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Heidi Talbot

Distant Future

(Compass; US: 3 Feb 2004; UK: Available as import)

Heidi Talbot is no stranger to the Celtic scene. As a member of Cherish the Ladies, Talbot has risen to the top of her game using her pipes—vocals I mean, not uillean. Now, with the help of producer and vocalist John Doyle, Talbot has ventured out on her own with her solo debut. And from the first note she hits, one gets the sort of hair-rising goose bumps that only come along every so often (or when you listen to fellow Celtic folk belle Kate Rusby!). Backed by a simple and barren arrangement that lets her do most of the work and thereby reap the rewards, “In Silence I Go” is a picture-perfect, note-perfect Celtic folk song. In no rush to finish the song and taking her time throughout, Talbot stays true to her strengths. Julia Weatherford adds cello at times, but it’s basically the singer’s tune. “I’ve sold my soul to your memory / The scent of your hair, cruel almond eye”, she utters in an almost dreamy, lullaby state.


More up-tempo is the shimmering “Jealousy”, which brings to mind the Clancy Brothers and Tommy Makem performing “Peggy Gordon”, both having a similar melody and sway to this track. Doyle’s guitar is more pronounced against Talbot’s performance of this song, which is found both in the old country and in the Appalachians, depending on which version you’re seeking. Here Talbot gets more out of herself than many peers can muster at the best of times, but it’s completely effortless. Fiddle, bass, and bouzouki round out the number quite nicely as well. “Muddy Water” comes off as a singer-songwriter affair, with Talbot backed by Dirk Powell on piano. She lets loose, although she picks her spots sparingly on the somber and stellar song. It then builds slowly with an acoustic guitar but never gets into a grandiose structure.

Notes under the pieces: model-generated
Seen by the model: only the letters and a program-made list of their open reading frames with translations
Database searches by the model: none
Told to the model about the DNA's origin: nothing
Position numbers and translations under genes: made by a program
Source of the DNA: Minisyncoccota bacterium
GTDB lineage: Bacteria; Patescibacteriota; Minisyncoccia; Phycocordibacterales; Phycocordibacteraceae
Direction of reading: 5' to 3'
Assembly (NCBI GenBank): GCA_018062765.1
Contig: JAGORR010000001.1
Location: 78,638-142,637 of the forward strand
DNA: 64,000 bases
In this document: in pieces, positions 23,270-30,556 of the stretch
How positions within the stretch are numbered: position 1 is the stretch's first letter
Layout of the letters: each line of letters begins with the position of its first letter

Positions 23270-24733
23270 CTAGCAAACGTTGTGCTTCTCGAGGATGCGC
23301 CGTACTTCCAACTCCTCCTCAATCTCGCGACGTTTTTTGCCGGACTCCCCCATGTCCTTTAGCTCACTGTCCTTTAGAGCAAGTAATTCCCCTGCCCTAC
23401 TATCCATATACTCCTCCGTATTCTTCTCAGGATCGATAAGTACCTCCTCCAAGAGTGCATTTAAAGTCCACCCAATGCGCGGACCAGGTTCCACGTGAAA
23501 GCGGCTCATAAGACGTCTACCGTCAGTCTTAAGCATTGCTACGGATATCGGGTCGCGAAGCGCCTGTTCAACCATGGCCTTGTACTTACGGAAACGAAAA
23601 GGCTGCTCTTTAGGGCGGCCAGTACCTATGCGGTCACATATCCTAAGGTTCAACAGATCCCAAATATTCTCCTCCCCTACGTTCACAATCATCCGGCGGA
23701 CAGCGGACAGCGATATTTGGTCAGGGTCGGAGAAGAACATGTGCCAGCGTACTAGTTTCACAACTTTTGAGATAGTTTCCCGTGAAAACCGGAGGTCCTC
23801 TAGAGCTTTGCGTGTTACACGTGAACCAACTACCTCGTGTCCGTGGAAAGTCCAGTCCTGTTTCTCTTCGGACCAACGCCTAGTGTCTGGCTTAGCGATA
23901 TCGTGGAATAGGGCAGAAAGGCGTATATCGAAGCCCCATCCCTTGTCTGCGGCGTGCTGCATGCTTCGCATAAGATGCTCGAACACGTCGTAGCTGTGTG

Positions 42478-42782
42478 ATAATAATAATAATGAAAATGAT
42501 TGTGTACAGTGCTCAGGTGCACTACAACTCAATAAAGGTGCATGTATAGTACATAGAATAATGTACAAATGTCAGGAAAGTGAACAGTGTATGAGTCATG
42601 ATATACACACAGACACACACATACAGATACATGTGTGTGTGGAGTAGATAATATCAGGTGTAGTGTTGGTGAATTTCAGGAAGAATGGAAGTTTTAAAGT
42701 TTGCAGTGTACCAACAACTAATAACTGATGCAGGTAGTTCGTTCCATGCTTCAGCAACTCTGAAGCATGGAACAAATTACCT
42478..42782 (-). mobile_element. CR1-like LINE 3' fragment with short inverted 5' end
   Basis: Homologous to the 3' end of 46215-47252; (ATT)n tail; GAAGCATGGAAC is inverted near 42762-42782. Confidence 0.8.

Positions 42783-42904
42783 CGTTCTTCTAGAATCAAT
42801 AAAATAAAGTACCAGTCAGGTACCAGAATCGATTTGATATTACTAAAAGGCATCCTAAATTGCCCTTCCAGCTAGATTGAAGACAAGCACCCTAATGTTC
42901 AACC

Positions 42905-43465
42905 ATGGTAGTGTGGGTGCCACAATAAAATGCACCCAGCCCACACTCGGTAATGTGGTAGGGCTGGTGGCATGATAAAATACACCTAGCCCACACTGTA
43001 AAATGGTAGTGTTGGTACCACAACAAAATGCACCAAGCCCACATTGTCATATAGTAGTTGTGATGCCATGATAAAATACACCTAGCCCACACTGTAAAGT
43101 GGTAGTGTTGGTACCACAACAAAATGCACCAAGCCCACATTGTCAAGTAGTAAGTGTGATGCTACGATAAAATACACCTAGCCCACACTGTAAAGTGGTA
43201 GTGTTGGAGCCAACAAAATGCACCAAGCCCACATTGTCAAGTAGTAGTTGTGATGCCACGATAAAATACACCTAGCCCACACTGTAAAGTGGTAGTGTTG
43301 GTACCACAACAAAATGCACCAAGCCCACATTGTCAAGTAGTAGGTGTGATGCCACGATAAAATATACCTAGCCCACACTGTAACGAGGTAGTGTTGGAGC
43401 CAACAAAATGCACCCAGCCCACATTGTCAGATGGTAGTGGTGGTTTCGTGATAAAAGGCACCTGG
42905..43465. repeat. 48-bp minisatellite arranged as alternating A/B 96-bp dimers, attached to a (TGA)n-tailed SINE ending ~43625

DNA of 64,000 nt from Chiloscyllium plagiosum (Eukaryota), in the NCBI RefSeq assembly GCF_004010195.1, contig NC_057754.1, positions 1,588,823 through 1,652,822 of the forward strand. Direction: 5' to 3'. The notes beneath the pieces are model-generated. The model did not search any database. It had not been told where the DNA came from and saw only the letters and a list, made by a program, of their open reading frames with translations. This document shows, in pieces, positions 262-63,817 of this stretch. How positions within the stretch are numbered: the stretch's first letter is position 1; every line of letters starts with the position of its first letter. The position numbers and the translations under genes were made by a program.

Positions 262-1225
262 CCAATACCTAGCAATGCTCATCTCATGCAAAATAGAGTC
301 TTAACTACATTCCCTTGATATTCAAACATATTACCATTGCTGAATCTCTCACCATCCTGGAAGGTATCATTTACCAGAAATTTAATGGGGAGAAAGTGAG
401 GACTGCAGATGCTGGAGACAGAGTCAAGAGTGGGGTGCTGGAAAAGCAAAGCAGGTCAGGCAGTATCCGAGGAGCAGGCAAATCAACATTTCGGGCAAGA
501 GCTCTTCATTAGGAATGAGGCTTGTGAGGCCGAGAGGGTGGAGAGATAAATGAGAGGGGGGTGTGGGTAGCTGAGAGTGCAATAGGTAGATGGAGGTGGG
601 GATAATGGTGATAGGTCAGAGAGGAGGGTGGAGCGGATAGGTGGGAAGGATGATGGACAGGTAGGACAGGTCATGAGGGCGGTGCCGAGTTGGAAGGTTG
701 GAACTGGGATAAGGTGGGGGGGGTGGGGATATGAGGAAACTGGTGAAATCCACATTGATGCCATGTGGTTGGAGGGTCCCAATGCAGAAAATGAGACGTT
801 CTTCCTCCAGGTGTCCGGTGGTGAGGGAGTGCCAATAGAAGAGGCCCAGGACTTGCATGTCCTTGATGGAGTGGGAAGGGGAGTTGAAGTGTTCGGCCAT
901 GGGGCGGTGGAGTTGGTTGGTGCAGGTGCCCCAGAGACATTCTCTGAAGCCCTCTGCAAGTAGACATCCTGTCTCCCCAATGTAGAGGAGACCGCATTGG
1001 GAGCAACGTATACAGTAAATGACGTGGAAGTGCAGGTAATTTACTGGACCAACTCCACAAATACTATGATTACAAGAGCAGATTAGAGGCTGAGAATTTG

When Talbot opts for more of a style suited to this side of the pond and its “mountain music”, the results are about average. “I Dream of You” tries to be a country tune, a Celtic tune, and a folk tune rolled into one. Think of Dolly Parton trying to do traditional Celtic songs and you might have some idea of where she’s heading here. It’s okay, but a bit of a letdown after three consecutive fabulous tracks. “Geography” fares better with its roots-like folk a la the Waifs. The percussion is its selling point, as it’s very warm and complements the vocals greatly. Here, Talbot knows what works and musically rolls with it, sounding as if she’s recording it around a kitchen table or on a back porch. Perhaps the biggest jewel is “High Germany”, which returns to a heartbreaking ballad that has Talbot front and center. The title track could put one to their knees with its fragile and whispered delivery. “And like a fool I left you / And a simple wedding vow / Like a fool I left you / On the road to some distant future”, she sings as Doyle’s guitar barely enters this sonic picture.


Like all good Celtic singers, and albums for that matter, Talbot wouldn’t go a whole disc without proving her salt on at least one lament. “MacCrimmon’s Lament” is such a song, but is weakened by the backing female harmonies, her own backing harmonies in fact. Her voice alone without the added timbre would be more than enough, as again Doyle is in the distance with his concertina. The album ends with “Your Favorite Star”, another gem on which Talbot stands out yet again. Cherish the Ladies might still continue in some mode or manner down the road, but if Heidi Talbot goes more this solo road, you will be definitely cherishing this lady without question.

Originally from Cape Breton, MacNeil is currently writing for the Toronto Sun as well as other publications, including All Music Guide, Billboard.com, NME.com, Country Standard Time, Skope Magazine, Chart Magazine, Glide, Ft. Myers Magazine and Celtic Heritage. A graduate of the University of King's College, MacNeil currently resides in Toronto. He has interviewed hundreds of acts ranging from Metallica and AC/DC to Daniel Lanois and Smokey Robinson. MacNeil (modestly referred to as King J to friends), a diehard Philadelphia Flyers fan, has seen the Rolling Stones in a club setting, thereby knowing he will rest in peace at some point down the road. Oh, and he writes for PopMatters.com.


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